Take 5: Welcome to Anaheim's New Old Dive Bar

Take 5: Welcome to Anaheim's New Old Dive Bar

[Editor's Note: We all know local music and dive bars go hand-in-hand. So in the interest of merging the two together on Heard Mentality, we bring you our newest nightlife column Dive, Dive, My Darling. Read this week as our bold scribe Dave Lieberman takes over for web editor Taylor "Hellcat" Hamby and stumbles into the dive bar scene to find crazy stories, meet random weirdos and guzzle good booze.]

"Well, Brian?" asked the barkeep, pointing at Wheel of Fortune on an ancient tube television mounted in the corner.

"Some Kind of Wonderful," called out a man with a long trail of tip money cascading off the bar.

"You should go on that show," said another man across the bar. "You could win a bunch of money and buy a round." He looks at me and says, "Or you. Maybe you could win." "I'm not smart enough for that show," I reply, chuckling. "But if they ever add beer-drinking to the Olympics, I'll get a gold medal."

Brian chuckles; Angela, the bartender, rolls her eyes.

Welcome to the new old dive bar, a neighborhood hangout straight out of a sitcom set in an industrial Midwestern city, with a strange beer selection, more flavored alcohol than anyplace north of Ladera Ranch, and patrons who actually talk to one another. This isn't some post-college hangout with tampons stapled to the wall, and it's not some sports-mad sawdust joint full of meatheads. It's a normal bar plopped down in a downmarket shopping plaza in that part of Anaheim the City Council tries its best to ignore.

You'd never know by looking at it that Take 5 is a bar that has been recently reinvented; the current ownership has only been in place for a few months, and it's obvious they haven't finished making changes. First of all, it's hard to tell if it's open (it is) because, as with all dive bars, there's hardly a window in the joint. The interior is full of hardware and shelves that are no longer in use; hanging from the ceiling are random baskets and rails, once used by the much-grungier prior incarnation of Take 5. The bar well is closest to the front door, and stools line the long bar all the way to the jukebox, which is on the back wall. The bartop is worn down from years of people bellying up to it. The interior is spotless by dive-bar standards, though the smell of long-banned cigarette smoke lingers.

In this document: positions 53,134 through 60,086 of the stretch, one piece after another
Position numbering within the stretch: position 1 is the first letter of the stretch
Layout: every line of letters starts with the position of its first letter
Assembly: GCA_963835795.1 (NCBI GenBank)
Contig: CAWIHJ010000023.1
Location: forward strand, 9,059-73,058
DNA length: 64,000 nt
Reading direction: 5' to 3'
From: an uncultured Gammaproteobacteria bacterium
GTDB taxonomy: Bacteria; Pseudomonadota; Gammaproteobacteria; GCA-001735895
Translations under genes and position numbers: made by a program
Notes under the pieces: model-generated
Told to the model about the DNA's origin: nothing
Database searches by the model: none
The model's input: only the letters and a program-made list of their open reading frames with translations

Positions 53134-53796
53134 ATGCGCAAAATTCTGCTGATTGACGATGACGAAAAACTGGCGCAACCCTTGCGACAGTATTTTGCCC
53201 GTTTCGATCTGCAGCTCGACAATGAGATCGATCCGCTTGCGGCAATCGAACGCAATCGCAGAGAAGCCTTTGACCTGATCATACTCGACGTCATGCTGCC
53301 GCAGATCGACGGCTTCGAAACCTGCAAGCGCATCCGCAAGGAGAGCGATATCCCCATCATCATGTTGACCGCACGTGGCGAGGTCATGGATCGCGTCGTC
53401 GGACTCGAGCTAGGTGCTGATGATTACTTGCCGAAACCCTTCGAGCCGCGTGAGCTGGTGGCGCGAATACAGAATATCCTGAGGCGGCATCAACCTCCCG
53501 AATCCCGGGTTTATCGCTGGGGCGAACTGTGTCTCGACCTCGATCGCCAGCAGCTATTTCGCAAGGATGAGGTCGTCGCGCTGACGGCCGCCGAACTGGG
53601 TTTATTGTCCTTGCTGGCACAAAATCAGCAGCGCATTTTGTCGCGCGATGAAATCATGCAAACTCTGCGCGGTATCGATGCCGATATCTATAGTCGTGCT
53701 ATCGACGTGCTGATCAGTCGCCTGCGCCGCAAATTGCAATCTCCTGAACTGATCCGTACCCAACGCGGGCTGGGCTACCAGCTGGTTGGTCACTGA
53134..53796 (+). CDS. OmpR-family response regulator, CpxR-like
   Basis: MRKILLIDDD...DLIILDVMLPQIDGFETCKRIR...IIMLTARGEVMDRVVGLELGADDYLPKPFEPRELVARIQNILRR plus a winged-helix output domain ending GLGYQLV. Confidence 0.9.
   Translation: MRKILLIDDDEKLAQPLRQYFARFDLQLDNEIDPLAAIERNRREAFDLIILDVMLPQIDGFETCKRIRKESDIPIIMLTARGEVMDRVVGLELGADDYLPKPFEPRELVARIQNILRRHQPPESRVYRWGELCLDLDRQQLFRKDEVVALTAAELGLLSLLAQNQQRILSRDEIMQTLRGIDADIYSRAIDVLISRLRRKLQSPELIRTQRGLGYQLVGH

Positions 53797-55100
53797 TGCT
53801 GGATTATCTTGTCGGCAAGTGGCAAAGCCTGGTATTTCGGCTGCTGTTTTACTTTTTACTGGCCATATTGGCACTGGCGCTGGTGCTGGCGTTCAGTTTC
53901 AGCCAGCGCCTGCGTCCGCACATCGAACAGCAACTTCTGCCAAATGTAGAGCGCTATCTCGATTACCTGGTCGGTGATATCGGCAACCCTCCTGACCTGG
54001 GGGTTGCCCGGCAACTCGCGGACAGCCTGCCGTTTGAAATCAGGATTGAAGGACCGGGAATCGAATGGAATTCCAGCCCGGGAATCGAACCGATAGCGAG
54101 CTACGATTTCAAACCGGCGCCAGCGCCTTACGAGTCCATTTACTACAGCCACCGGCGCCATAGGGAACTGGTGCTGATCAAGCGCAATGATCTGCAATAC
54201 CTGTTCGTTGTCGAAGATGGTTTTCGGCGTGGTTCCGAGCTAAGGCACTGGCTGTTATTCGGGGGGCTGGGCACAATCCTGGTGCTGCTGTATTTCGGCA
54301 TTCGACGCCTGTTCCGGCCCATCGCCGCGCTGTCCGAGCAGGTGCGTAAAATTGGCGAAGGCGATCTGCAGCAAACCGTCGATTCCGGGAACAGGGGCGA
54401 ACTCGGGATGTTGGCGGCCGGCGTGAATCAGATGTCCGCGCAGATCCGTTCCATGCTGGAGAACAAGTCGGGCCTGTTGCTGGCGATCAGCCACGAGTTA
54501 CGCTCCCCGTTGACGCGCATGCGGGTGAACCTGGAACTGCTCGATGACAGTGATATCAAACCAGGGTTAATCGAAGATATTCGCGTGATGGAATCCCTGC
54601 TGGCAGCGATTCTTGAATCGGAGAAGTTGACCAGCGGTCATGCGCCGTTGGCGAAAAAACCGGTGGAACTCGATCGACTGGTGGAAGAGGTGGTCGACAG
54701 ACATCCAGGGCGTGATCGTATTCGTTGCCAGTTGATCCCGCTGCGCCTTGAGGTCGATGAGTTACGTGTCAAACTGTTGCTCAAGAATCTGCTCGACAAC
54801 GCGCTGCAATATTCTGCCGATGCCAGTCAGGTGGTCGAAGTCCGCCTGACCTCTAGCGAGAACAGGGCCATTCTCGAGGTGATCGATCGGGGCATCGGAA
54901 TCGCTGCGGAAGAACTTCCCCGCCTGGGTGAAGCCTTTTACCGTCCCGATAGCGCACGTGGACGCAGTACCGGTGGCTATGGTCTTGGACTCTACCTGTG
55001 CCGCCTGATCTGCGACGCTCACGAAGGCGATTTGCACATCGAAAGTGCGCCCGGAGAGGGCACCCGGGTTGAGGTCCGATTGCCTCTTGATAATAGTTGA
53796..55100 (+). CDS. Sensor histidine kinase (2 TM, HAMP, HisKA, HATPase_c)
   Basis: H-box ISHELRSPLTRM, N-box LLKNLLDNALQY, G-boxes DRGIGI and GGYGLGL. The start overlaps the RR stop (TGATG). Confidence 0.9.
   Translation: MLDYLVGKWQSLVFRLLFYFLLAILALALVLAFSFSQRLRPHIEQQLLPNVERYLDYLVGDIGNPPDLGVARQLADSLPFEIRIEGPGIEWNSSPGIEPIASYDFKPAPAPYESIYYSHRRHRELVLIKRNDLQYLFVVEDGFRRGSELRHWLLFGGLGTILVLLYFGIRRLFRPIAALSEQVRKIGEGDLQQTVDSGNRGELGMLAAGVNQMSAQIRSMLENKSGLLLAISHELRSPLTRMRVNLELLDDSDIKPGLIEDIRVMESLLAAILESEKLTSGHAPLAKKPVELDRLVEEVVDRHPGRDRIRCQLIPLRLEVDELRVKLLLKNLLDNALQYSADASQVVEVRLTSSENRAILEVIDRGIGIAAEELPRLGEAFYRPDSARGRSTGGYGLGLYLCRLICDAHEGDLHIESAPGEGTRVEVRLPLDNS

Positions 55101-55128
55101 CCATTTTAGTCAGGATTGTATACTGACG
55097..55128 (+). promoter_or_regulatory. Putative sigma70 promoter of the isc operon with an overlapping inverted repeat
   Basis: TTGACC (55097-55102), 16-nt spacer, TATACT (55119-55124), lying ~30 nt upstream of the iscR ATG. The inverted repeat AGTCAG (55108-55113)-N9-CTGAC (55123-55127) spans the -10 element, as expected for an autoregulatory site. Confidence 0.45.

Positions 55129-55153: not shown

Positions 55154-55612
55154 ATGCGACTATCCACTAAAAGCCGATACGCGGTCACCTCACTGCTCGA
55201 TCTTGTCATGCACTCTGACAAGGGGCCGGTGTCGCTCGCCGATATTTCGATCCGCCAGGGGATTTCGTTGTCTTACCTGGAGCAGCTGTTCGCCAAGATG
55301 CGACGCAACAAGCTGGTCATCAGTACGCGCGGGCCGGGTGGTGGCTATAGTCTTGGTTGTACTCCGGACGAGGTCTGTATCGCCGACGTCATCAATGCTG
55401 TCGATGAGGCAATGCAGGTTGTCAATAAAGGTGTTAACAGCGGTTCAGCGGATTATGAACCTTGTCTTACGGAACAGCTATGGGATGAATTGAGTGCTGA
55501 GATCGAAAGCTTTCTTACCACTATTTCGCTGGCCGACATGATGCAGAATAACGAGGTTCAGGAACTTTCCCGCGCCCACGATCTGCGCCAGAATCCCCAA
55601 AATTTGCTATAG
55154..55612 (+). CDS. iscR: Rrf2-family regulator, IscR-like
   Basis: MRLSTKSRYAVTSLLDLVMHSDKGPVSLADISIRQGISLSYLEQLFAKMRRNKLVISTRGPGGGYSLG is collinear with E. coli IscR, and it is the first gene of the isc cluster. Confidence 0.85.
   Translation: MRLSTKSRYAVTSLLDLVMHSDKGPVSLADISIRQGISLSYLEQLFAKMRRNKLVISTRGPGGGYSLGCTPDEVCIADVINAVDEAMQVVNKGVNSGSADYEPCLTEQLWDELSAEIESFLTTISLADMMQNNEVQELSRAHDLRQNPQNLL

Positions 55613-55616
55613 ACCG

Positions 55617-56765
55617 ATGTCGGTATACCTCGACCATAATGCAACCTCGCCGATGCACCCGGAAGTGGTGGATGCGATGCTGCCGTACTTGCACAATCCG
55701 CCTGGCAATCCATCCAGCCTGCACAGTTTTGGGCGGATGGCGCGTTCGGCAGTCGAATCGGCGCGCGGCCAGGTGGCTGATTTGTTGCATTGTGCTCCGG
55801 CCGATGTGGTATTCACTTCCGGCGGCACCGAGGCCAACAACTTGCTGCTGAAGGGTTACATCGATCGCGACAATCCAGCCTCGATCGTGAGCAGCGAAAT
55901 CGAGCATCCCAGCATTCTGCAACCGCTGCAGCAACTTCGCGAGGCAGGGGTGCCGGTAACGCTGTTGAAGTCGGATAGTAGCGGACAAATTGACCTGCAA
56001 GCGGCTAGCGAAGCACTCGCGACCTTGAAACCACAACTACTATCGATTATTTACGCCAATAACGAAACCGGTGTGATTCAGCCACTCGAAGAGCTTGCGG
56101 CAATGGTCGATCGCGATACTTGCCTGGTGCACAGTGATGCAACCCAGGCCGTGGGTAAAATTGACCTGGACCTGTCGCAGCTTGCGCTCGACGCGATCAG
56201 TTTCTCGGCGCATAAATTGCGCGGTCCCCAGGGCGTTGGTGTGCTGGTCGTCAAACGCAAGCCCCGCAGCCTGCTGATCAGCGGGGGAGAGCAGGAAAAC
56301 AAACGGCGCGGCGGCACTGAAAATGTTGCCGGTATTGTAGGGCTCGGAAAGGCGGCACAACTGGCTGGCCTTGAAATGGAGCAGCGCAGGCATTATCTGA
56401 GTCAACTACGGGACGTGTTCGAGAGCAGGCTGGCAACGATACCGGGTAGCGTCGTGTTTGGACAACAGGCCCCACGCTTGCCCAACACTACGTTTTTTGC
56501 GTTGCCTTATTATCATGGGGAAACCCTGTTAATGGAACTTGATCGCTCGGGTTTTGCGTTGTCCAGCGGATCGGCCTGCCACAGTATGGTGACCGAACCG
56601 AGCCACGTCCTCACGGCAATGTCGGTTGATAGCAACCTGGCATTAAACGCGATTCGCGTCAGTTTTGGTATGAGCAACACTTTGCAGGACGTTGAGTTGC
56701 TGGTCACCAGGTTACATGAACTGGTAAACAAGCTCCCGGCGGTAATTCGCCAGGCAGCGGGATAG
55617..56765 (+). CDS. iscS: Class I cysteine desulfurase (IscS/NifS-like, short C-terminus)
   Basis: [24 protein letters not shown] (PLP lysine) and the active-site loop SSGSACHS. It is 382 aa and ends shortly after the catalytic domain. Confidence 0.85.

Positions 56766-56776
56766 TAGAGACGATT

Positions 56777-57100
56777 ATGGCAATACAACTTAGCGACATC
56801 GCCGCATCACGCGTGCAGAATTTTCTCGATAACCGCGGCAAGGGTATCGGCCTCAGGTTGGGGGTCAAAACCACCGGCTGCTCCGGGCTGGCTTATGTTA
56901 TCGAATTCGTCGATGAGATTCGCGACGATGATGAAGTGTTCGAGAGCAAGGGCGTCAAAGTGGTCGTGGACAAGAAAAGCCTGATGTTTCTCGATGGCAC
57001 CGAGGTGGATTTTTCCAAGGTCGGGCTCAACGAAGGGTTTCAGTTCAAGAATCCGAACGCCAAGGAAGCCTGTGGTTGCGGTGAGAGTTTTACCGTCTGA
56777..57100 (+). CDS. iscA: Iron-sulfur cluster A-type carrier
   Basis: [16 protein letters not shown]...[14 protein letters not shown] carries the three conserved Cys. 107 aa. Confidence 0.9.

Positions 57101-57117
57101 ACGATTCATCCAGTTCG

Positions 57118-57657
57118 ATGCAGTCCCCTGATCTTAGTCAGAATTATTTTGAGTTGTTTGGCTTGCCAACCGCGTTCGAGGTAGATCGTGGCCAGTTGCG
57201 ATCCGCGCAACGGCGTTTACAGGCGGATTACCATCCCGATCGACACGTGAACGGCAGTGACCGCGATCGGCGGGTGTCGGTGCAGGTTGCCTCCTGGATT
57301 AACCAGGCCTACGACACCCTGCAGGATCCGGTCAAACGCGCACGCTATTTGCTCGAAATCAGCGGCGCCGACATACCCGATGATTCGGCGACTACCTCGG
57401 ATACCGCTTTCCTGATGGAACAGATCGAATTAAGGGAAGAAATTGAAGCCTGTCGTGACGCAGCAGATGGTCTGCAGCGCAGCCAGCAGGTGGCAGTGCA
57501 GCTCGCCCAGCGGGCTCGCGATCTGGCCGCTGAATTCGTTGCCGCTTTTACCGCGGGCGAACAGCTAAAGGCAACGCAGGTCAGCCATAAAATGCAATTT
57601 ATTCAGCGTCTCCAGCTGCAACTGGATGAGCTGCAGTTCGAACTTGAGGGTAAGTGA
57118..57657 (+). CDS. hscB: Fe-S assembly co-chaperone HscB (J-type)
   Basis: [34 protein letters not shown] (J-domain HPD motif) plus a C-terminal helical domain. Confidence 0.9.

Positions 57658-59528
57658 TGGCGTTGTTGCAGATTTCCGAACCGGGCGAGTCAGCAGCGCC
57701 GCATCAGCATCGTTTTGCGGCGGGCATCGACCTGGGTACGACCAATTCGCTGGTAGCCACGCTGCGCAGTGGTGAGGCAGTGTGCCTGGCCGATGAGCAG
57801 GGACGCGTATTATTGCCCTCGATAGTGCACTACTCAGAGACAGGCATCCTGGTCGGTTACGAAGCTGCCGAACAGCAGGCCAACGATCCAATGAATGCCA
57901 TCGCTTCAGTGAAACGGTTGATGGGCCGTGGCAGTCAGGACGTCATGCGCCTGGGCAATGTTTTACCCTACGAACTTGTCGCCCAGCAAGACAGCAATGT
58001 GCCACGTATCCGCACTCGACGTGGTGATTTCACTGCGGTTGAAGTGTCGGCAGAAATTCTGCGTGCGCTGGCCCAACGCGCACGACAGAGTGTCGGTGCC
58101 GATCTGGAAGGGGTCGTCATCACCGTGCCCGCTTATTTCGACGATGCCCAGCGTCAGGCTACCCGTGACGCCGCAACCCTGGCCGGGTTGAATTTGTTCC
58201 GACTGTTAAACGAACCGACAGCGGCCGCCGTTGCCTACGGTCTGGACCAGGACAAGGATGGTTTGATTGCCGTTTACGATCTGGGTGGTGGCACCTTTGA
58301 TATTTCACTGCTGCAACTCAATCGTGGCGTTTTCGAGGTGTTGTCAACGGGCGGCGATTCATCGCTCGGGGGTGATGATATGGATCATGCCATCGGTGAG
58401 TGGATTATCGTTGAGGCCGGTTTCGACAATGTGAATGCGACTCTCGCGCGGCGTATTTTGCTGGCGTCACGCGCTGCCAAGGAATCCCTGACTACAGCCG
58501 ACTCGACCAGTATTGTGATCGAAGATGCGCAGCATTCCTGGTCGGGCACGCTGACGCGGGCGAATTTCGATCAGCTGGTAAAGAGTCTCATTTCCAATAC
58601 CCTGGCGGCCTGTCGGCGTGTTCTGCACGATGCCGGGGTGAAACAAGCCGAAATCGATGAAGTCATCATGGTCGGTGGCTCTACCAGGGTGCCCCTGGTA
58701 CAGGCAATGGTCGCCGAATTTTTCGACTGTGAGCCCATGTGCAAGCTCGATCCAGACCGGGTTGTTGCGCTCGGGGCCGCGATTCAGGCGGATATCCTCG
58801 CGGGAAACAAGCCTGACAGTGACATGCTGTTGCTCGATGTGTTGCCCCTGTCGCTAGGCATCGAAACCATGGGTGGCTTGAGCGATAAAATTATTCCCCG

You can tell just by the way things are set up that the old owners didn't trust the people who worked for them: There were meters on the liquor bottles and locks everywhere, and everything fancier than peppermint schnapps was shut away behind a screen. Now, though, speed pourers cap each of the dozens of bottles (including at least a dozen varieties of schnapps), and the atmosphere is laid-back but friendly.

My Jack and Coke was a very generous free pour, with enough Coke to just flavor it; given the other patrons' used glassware sitting on the counter, shots and beer are the usual choices.The beer selection, though, is odd, or perhaps just ready for replenishment on a Monday night. There's Coors Light and Bud Platinum, Stella Artois, and occasionally some Newcastle.

After consoling the contestant who couldn't get the obvious answer ("Glamorous gown!" shouted Brian), Pat Sajak introduced the crew of The Chew and Angela said, "You ever watch that show? They have some great recipes." This led to a discussion of Food Network chefs who can and can't cook, and whether Mario Batali is gay. (He's not; he's married and an ally.)

There's no food served on Monday nights, and it's too busy for food on the weekends, but Tuesdays through Fridays, there's food available from the tiny galley kitchen behind the swinging doors. Taco Tuesday means "Staci's Tacos" for $2; other nights, Cindy cooks burgers, hot dogs and fries, all while tending bar. A hanging rack of chips swings every time someone passes by.

Dancing With the Stars came on at that point, which we'd gone out expressly to avoid, and after what seemed like 300 excruciating minutes watching minor celebrities ham it up onstage, it was time to go. The tab came to $6.75. You'd spend more than that on one PBR at some hipster douchebag hangout. Much better to spend it inside Anaheim's little replica of Cheers, where it'll only be a couple of visits before everybody knows your name.

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